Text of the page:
Out and About: Agent and seller at odds

A well-lighted cave is still a cave. (flickr photo by d'n'c)

Note: After my short break, normal frequency of posts resumes next week.

The agent grimaced when I asked at an open house how long her listing had been on the market.

“Forever,” was her one-word reply.

Checking out the two-bedroom, one-and-a-half-bath condo in Morningside Heights, I was underwhelmed by the $1,616-sf duplex.  My chief objection: The lower floor is in the building’s basement down an exceedingly narrow flight of stairs.

To her credit, the listing broker in describing that subterranean space did not glorify it as anything more than a playroom, media room or perhaps gym.

The half bath is down there, and the light from window wells is negligible.  It is a cave.

As for the rest of the apartment, the rooms are small, the pass-through kitchen is just fair and the ceilings are standard height.

In a mediocre five-unit post-war building on a Central Park block, the apartment was competing against not one but two other condos on higher floors at the time of my visit.

Knowing that some buyers will trade off almost anything for space, I could imagine that there existed someone who might make an offer for the place.

But not at the original asking price of $1.049 millionmore than a year ago, $1.025 million last June, $999,000 since September or, with a new agency, $969,000 since the end of the last month.  The price bears little relation to reality.

Regrettably, I failed to restrain myself from saying something about “chasing the market.”

That’s when the agent, as often happens when working with obstinate owners, rolled her eyes in agreement, implying that she had been unable to make headway with the seller.  Why she persisted with the listing, however, is a mystery to me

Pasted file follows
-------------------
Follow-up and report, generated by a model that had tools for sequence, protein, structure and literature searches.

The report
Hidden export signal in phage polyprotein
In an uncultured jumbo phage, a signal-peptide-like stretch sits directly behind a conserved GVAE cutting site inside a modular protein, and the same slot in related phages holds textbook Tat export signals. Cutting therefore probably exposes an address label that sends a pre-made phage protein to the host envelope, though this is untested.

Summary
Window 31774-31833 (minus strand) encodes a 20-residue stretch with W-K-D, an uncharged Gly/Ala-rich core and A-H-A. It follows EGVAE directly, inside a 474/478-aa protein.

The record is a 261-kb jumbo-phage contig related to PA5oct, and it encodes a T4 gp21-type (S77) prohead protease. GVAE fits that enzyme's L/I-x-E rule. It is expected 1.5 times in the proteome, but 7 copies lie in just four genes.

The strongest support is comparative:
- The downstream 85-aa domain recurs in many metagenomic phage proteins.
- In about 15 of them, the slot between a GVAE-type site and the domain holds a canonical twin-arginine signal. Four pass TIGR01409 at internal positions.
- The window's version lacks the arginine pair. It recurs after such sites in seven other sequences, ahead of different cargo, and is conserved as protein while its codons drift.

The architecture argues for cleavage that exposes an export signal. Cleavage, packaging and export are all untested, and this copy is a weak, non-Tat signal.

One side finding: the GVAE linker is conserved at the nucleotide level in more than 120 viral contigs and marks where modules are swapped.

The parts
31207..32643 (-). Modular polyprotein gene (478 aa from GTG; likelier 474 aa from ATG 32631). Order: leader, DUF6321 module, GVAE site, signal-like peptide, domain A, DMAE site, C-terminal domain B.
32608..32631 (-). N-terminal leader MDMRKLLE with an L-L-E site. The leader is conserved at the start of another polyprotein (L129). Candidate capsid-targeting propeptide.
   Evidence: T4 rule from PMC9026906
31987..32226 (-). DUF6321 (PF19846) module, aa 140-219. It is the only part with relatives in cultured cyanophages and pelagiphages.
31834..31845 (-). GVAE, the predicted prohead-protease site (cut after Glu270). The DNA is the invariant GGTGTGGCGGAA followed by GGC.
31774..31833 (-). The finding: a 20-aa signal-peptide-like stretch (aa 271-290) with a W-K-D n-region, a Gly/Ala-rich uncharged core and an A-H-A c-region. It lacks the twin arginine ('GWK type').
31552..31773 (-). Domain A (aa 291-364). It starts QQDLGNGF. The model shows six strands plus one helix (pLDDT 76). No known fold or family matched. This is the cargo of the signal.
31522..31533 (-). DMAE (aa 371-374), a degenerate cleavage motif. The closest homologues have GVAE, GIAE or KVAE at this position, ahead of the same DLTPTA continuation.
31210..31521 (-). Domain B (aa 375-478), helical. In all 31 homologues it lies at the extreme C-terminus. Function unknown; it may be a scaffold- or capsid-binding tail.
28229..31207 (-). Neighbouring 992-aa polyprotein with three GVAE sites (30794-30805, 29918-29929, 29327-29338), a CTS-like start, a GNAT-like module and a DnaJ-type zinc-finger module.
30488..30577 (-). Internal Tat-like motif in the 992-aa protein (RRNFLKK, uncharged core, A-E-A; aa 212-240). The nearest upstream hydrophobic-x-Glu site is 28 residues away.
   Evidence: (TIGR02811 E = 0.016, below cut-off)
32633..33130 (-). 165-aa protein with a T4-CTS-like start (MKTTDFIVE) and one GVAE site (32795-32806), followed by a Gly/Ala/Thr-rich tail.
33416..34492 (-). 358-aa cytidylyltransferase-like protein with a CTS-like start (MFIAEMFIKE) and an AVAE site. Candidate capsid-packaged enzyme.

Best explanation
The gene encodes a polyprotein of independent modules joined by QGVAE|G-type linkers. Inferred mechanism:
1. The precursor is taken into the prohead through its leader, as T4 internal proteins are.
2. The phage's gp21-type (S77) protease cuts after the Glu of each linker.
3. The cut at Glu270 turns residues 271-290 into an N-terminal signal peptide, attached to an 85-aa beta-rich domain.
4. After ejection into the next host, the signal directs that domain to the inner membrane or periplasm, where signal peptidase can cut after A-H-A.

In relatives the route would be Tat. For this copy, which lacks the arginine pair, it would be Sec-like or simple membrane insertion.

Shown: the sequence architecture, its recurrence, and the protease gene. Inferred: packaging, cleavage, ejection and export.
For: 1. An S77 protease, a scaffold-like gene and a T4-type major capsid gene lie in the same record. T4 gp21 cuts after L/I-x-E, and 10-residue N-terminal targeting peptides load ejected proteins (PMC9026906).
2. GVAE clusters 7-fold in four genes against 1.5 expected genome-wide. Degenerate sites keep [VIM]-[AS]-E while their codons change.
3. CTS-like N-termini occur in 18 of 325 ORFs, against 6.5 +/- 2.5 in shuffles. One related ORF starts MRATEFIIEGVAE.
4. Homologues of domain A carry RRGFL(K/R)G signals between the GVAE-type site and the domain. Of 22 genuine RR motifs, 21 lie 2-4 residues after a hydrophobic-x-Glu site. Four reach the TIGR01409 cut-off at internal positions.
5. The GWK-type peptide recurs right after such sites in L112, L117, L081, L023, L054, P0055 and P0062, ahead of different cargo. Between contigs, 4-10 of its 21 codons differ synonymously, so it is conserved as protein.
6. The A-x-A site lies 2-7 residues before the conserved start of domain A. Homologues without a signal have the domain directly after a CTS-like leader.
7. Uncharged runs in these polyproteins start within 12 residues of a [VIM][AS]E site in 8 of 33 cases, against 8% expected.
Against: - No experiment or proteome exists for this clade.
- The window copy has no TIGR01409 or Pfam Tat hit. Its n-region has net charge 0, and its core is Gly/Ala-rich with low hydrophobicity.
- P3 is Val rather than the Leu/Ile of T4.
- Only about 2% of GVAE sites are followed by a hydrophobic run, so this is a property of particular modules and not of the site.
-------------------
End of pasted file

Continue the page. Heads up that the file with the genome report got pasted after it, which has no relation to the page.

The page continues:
Below is a sample of some other recently visited Upper West Side properties that are listed by various brokers:

  • A one-bedroom co-op on a Central Park block of the low 70s.  This pleasant unit up six flights of stairs in an 1890 townhouse sans elevator or other amenities has exposed brick, decorative fireplace, good light, improved bath and adequately updated open kitchen.  Although the asking price since November of $499,000, which is close to the offering price in 2006, is inappropriate for so much of an assent, this apartment went under contract late last month.  Monthly maintenance is $880.
  • In the high 90s on a corner of Broadway in a 1925 doorman building, a three-bedroom condo.  With a large top-end kitchen that nevertheless has a cramped layout, two small baths only off a hallway, the third bedroom lacking a closet, otherwise minimal closet space, an uninviting windowless dining area, exposures to walls or the noisy avenue and worn flooring, this 1,471-sf  apartment has had a checkered price history that began at $2.295 million back in 2009.  Having gone down and up over the years and changed brokers three times, this disagreeable space in which the current broker is the undisclosed owner, except verbally, is listed still too high at $1.599 million (reduced by $100,000 two months ago) with common charges of $1,106 and taxes of $841 per month.
  • A one-bedroom, one-bath condo in the low 60s of Central Park West.  There are barely open exposures from the living room, good views of brick walls from the corner bedroom, an eat-in kitchen with laminate countertops and flooring, and decent bath.  In a 1931 full-service building with gorgeous lobby, the 836-sf apartment moved toward a potentially attractive offering price after a $130,000 cut to $995,000 with monthly costs totaling $1,439.  Consequently, it found a buyer at the end of January.
  • In the mid 80s between West End Avenue and Broadway, a three-bedroom, three-bath duplex with an exceptional amount of wasted space.  Its northern exposures are somewhat unobstructed while others look into a courtyard; there is a terrific kitchen with wainscoting; paneling in the dining room has been painted; two skylights enliven the expansive upstairs master suite, which has a huge closet the size of the bath and a larger space called “den/study” that is just a giant landing; and all the rooms are nicely proportioned.  In an undistinguished 1914 building with no doorman, the apartment started with a wholly unjustified listing price of $3.749 million with maintenance of $3,199 a month and had a sensible $500,000 reduction earlier this month.

Thursday: Let the milk be

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Malcolm Carter
Licensed Associate Real Estate Broker
Senior Vice President
Charles Rutenberg Realty
127 E. 56th Street
New York, NY 10022

M: 347-886-0248
F: 347-438-3201

Malcolm@ServiceYouCanTrust.com
Web site

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